Cross Words – September 2018

  When Jesus is taken before Pontius Pilate, his own fear and anxieties come out in his question, “Are you the King of the Jews?”  Pilate’s task was to maintain law and order in his corner of the Roman empire, but frankly, right about now things did not look too good. Pilate will not receive an answer to his question, but will hear Jesus declare,
  “My kingdom is not of this world (emphasis mine).  If my kingdom were of this world, my servants would have been fighting, that I might not be delivered over to the Jews. But my kingdom is not from the world (emphasis mine) John 18:36.”
  The Kingdom of God is not based upon the kingdoms of this world – the power and authority of the Kingdom of God flows from a radical trust in God. As a disciple of Jesus our radical trust calls us to a detachment, but detachment is never easy because we are so easily drawn to the kingdoms of this world which offer power, security, and identity. Sadly, our personal formation too often comes from these earthly kingdoms rather than God’s Kingdom. Instead of “seeking first the Kingdom of God,” we give in to temptation and become attached to the kingdoms of this world developing a character that is shaped by the world rather than by God.
  So when things like Charlottesville, VA (8/12); the solar eclipse of 2017 (8/21); and Hurricane Harvey (8/25); or your own personal life events: back to school; hospitalization; surgery; job loss; sick family member; crop damage or loss; too much or not enough rain; a crisis not of your own making; or even a death; who you are is what will come out, and that’s not always love, joy, peace, patience, kindness, goodness, faithfulness, gentleness, and self-control (Fruits of the Spirit, Galatians 5:22-23).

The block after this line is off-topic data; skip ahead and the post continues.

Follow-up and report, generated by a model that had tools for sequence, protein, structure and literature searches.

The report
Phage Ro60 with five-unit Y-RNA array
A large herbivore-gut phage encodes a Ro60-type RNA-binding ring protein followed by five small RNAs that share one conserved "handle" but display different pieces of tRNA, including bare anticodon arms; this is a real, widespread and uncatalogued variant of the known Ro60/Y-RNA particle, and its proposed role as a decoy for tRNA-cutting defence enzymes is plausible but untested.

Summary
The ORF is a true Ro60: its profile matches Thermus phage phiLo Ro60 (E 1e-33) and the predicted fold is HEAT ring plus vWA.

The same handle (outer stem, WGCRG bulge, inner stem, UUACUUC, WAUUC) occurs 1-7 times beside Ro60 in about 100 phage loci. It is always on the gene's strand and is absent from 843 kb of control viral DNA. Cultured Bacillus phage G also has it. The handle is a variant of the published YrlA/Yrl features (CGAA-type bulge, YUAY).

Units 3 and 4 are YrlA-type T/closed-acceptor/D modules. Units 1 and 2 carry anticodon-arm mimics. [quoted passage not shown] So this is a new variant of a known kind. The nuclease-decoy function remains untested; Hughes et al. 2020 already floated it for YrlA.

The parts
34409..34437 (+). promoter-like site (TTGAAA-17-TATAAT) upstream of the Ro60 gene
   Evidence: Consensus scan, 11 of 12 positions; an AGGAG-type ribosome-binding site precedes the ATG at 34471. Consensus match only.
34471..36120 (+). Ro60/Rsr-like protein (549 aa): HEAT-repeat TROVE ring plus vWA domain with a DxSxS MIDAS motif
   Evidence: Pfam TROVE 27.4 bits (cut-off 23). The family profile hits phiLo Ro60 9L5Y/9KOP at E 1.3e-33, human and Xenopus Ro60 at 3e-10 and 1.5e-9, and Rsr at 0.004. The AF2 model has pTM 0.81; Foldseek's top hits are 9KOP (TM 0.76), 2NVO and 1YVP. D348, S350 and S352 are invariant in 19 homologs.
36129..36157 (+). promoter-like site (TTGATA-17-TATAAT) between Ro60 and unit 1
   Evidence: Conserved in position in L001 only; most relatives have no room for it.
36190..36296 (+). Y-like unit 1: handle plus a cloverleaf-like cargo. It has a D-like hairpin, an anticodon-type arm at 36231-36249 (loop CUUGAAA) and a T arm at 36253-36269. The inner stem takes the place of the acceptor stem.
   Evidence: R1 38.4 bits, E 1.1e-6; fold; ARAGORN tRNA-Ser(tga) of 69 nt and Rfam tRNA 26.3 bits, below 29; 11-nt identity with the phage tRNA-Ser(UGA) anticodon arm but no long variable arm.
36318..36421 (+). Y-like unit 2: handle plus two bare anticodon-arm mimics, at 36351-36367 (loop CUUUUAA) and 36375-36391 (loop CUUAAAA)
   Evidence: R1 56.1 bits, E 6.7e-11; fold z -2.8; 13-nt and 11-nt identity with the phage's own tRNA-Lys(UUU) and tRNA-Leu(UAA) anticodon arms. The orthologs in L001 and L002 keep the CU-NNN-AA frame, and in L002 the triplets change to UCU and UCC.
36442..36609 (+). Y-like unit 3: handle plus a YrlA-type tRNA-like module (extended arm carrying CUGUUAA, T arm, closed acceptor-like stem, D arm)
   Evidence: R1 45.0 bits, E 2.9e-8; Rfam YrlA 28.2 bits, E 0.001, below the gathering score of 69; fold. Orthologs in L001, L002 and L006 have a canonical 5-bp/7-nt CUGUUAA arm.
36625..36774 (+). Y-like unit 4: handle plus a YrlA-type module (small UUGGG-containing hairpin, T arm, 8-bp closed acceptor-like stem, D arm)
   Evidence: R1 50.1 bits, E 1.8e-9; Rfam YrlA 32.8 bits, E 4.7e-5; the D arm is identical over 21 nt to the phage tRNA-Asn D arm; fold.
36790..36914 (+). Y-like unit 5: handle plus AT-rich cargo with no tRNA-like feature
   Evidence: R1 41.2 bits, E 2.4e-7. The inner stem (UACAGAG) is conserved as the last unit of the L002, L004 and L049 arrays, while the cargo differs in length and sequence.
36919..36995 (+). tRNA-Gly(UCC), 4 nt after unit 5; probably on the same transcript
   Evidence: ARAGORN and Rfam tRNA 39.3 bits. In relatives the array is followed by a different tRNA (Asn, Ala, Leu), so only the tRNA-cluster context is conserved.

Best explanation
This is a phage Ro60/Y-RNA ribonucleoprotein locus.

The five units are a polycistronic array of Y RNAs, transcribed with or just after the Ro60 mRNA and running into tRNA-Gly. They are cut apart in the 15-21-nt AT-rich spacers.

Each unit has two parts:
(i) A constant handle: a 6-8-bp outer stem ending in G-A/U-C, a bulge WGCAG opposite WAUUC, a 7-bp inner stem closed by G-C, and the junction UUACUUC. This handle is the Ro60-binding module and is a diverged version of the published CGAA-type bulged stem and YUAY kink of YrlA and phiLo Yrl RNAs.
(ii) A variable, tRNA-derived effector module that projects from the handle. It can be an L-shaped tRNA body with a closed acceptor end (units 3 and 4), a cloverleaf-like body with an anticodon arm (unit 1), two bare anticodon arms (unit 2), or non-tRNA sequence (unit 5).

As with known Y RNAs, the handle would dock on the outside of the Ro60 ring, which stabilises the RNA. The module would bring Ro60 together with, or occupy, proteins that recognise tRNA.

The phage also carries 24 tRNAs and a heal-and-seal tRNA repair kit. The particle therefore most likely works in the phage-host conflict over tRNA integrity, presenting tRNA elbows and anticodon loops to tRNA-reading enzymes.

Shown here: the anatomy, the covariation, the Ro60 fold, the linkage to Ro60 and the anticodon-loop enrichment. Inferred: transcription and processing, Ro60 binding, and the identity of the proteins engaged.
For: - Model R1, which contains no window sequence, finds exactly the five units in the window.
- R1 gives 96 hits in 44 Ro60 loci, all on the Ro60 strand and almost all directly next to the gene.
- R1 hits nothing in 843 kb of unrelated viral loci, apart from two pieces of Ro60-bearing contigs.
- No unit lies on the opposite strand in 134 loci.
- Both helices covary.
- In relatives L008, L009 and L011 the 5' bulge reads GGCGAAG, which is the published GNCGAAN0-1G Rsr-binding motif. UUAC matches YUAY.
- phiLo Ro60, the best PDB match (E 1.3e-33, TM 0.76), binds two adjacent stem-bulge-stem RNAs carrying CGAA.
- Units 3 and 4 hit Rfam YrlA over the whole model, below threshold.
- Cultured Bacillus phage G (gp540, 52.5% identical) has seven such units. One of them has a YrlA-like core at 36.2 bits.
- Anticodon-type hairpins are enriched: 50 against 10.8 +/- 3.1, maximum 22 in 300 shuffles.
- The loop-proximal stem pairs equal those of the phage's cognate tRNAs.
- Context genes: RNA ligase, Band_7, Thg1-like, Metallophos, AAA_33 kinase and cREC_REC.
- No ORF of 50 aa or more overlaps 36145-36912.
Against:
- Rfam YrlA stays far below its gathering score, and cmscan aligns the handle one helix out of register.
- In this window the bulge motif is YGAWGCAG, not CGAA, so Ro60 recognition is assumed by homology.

In his book, God’s Answers to Life’s Difficult Questions, author Rick Warren observes:
  • Character is revealed in a crisis not made in a crisis.
  • Character is made in the day-by-day, mundane, trivial things of life – the routine.
  • Character is developed in the (routine), but it is revealed when we get into a shipwreck, into a situation that threatens to swallow us up.
  The safest thing to do when we get into a storm is to drop our anchors – wait. Just stand still – situations change, and the sands of time will shift.
  “Those who trust in the Lord are like Mount Zion which cannot be moved, but abides forever (Ps 125:1).” Luke tells us what to do while we wait in Acts 27:29, “Fearing that we would be dashed against the rocks, they dropped four anchors from the stern and prayed (emphasis mine) for daylight.” When the morning came, they discovered a sandy beach onto which they ran the ship, and all 276 people were “brought safely to land.”
  In the storms of life, God says “I am with you.” Let God’s truth stabilize your life, and give you the confidence you need in every crisis you face.
Rev. Clark Remsburg, Jr. “Changing the world begins with a small group of people who simply refuse to accept the unacceptable.” ~ Richard Branson

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